Looking fresh after his Montreal barbershop cut, Mo Bro Billy-Sam shares his mental health Movember story
"It took 8 months to rebuild...with a lot of help, patience and strategies."Image by: Max Rosenstein
Looking fresh after his Montreal barbershop cut, Mo Bro Billy-Sam shares his mental health Movember story
15 May 2023

Billy-Sam’s mental health story: Rebuilding the pieces

4 minutes read time

I first heard about Movember on the local radio. I thought the idea of growing a moustache to bring attention to the cause of men’s health was brilliant. This was ten years ago, in 2013. I was impressed that the organization was dedicated to improving a men’s health, specifically – at the time – prostate cancer, though I had never met anyone who had been affected by this cancer. Then I learned that Movember was joining the fight against testicular cancer. That was the trigger for me.

The most important man in my life is my father, Simon; a fighter, a brilliant man, a survivor and above all, an exceptional father. When I was only six years old, in 1988, my then 33-year-old father Simon was diagnosed with testicular cancer with metastases. You should know that Dad had himself lost his own father (from whom I take my name “Billy”) at the age of six! Dad got angry. He fought, followed the prescribed treatments, suffered, but he survived.

“There was no way my son would grow up without a father. I experienced it, not my son.” Every time I asked him to tell me the story, it came down to that.

This is why I keep coming back to Mo, year after year. It’s my way of thanking science. I thank my father very often and I show him that I love him every time we speak or see each other. But science resulting from research? It’s abstract, it's different. I want to support researchers who save lives like my father's. The best way is to find them money, so that they can continue.

It wasn’t until was 40 years of age that one of the Movember cause areas touched me personally. In 39 years, I have always felt that I was very strong mentally. My family and friends have always known that I was the guy you can count on for real. Not the person who vaguely offers his help but the one who will set his alarm for 6 a.m. on Saturday to help you move -- in disaster or in the rain; the one who will cancel his date with friends to go hug you and come up with a plan to get you back on your feet. Strong, a rock on which you can lean.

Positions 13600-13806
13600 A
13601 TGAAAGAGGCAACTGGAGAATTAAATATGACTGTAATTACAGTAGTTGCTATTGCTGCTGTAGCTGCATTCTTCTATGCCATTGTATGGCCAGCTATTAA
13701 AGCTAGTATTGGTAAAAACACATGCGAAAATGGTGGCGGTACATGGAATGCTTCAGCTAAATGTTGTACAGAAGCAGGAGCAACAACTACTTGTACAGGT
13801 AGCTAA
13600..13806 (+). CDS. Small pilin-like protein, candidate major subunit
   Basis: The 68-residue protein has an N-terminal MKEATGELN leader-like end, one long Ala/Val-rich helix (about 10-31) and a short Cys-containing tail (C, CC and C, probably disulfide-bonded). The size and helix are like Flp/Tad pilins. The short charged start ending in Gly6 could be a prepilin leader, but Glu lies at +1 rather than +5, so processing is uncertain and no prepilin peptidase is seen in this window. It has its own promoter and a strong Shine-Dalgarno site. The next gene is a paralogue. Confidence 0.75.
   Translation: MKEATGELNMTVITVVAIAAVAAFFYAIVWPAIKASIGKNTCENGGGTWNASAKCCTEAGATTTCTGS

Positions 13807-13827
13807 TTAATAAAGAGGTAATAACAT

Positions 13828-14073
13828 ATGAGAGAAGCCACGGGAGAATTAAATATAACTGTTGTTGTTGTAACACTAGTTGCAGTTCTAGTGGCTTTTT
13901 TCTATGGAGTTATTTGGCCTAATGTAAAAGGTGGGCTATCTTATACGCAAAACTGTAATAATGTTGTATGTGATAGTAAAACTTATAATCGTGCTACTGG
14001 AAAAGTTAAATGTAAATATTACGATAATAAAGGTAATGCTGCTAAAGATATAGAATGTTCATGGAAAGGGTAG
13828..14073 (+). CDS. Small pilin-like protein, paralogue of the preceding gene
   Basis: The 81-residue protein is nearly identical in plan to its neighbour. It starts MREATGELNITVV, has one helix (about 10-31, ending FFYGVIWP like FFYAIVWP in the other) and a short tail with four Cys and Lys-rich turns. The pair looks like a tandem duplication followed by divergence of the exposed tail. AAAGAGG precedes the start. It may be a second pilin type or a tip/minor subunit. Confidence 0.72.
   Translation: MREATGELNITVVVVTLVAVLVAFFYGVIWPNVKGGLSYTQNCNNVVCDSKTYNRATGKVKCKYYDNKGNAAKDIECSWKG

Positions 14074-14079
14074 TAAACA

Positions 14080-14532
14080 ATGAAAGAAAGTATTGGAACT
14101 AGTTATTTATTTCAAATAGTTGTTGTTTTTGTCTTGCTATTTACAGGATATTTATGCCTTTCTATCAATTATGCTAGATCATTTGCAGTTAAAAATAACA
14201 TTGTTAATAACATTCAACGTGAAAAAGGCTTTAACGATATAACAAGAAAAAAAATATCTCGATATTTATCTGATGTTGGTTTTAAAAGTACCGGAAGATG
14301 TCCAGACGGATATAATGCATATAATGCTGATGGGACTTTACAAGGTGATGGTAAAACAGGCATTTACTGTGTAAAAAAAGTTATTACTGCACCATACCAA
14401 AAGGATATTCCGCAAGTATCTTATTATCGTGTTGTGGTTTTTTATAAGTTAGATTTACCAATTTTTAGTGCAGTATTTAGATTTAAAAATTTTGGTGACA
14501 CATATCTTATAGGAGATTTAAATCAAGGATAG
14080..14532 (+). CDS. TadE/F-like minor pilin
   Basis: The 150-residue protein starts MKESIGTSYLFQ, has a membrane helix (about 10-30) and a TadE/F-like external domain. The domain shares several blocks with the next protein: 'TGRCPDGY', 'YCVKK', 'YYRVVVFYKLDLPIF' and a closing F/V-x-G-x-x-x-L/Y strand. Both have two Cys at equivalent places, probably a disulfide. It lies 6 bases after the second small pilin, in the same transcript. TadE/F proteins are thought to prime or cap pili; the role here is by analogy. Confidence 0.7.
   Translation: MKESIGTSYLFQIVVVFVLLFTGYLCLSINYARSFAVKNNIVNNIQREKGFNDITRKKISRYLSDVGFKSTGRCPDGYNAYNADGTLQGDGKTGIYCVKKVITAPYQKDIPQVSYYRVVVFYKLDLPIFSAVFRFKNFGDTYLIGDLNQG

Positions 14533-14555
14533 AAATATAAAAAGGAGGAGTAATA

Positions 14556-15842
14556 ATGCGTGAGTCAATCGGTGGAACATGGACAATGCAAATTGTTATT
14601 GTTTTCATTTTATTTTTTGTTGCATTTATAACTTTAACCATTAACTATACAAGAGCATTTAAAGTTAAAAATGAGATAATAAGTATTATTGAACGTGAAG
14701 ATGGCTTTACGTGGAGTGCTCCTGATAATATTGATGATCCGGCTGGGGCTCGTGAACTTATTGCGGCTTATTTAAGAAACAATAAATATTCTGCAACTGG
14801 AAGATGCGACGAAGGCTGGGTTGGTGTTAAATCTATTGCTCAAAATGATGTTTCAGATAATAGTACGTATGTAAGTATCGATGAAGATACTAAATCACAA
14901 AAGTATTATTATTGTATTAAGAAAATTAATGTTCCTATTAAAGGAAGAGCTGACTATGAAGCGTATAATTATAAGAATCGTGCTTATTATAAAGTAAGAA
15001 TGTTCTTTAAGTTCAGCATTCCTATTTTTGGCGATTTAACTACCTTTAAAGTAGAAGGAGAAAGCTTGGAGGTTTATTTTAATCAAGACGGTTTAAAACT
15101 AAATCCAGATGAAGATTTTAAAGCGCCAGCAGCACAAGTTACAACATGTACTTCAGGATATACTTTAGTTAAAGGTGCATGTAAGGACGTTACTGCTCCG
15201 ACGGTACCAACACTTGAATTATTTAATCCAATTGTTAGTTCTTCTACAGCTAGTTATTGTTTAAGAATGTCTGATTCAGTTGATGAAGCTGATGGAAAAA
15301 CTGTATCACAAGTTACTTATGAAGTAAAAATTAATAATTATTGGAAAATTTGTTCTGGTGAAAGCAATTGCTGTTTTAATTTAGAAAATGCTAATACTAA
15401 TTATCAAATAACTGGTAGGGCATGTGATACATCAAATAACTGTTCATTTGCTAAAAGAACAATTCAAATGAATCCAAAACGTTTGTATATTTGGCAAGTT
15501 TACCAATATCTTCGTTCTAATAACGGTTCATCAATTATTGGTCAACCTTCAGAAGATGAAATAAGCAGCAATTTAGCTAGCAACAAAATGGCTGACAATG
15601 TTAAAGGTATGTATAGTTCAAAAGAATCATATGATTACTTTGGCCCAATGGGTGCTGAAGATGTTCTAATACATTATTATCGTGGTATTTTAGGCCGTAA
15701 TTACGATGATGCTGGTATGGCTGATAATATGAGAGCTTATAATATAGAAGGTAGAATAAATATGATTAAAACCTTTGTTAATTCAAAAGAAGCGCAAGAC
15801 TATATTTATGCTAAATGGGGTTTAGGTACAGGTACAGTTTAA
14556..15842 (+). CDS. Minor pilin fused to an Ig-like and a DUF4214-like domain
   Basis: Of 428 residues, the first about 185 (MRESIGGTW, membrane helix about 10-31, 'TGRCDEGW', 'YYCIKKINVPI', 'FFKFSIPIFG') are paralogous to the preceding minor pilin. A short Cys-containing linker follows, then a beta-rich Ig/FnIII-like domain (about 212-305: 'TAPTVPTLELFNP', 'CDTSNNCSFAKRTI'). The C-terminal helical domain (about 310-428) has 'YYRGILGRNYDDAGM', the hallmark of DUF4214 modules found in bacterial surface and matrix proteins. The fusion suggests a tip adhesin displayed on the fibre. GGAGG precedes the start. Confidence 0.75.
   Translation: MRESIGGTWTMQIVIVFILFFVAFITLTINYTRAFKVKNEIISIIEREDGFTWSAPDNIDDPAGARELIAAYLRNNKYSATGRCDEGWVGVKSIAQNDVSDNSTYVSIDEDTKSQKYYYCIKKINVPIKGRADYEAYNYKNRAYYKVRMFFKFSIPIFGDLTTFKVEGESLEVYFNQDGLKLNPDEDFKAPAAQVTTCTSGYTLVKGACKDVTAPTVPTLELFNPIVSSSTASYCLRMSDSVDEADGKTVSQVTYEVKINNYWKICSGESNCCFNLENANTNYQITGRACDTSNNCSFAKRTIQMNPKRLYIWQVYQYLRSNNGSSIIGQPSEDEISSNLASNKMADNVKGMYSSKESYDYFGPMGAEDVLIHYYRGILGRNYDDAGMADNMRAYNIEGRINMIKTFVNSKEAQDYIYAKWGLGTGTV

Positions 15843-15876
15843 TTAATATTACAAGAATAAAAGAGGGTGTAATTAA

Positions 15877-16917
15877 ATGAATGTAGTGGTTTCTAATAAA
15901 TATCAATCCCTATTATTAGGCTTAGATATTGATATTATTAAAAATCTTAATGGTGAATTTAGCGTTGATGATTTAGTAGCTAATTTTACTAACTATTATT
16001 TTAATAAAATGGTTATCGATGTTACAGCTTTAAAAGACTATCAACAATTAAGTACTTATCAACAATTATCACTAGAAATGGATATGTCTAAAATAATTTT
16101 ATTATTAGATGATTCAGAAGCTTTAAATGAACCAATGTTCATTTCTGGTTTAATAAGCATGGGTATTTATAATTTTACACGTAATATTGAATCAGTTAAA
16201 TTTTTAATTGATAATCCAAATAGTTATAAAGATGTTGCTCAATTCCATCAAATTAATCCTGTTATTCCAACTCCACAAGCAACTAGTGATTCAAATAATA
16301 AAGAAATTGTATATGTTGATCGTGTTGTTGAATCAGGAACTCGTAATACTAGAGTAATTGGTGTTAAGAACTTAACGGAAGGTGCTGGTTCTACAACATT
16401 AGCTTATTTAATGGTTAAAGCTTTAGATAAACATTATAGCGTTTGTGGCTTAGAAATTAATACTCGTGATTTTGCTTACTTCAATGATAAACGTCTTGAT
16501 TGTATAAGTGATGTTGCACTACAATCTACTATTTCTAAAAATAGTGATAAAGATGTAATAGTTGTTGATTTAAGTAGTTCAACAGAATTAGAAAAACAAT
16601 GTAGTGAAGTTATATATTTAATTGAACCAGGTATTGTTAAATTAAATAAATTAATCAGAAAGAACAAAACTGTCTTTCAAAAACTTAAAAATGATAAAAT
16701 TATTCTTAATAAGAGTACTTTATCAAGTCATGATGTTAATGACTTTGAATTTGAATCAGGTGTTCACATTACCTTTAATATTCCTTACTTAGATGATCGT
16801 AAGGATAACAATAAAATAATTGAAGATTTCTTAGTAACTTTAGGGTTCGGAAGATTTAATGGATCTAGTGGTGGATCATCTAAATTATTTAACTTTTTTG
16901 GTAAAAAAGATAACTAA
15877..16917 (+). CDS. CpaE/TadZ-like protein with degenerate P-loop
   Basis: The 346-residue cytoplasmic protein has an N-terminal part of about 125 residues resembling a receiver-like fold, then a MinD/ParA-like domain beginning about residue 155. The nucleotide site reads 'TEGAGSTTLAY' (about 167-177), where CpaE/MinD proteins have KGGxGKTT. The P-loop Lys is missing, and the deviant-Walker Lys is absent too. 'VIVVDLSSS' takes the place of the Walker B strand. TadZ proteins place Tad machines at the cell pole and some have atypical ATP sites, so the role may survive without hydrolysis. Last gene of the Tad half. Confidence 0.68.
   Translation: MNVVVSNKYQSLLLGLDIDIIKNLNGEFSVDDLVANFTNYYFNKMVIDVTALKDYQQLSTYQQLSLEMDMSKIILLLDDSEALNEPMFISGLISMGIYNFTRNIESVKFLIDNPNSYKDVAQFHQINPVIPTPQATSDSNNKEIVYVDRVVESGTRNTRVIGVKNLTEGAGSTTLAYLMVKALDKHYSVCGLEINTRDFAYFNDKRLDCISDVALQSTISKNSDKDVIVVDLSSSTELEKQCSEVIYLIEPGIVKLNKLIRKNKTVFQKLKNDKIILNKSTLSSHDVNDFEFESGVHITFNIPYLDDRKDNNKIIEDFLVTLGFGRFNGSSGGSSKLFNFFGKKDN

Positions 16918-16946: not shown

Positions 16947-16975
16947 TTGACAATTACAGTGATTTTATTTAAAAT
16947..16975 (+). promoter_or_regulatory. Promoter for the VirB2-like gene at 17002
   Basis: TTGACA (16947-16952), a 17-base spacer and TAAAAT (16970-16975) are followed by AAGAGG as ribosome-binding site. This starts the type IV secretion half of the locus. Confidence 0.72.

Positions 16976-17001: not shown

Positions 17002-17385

It was at 40 that life gave me a good lesson in humility. The rock broke on February 14, 2022 overnight. I was swept away by a solid depression; I learned that wanting to do everything on your own as if no one could do it better than you, you wear yourself out.

You crumble gently, subtly, and one day you find yourself in pieces without understanding what happened to you.

It took me 8 months to rebuild myself with a lot of help, patience and strategies. It's the hardest thing I've had to do in my life. During this time of struggle, I turned to my fiancée, Claudi-Anne. She rescued me when I was at my lowest, literally on the ground. She gave herself without counting, offered me all the space and help I needed while respecting the man that I am.

Today, I am completely functional, and I will soon begin the gradual reduction of my medication to stop it completely. And when I feel “bad” resurfacing inside? I talk to my spouse, my parents, one of my close friends or I talk to myself by talking to my deceased grandfather. It may sound strange, but for me, it works very well.

I talk a lot about mental health since my depression. I try to be an open book on the subject to leave all the space for those who would be embarrassed to talk about it otherwise. In doing so, I realize the alarming number of people around me who suffer mentally when no one knew about it. I don’t know why exactly, but the fear of appearing weak, the “machismo” seems to get in the way. I try to get these people to talk with me and dispel the fear of being stigmatized.

My message to other men about their health? Take it seriously. The people you're trying to impress won't be there to support you when you're broken. Just those who love you.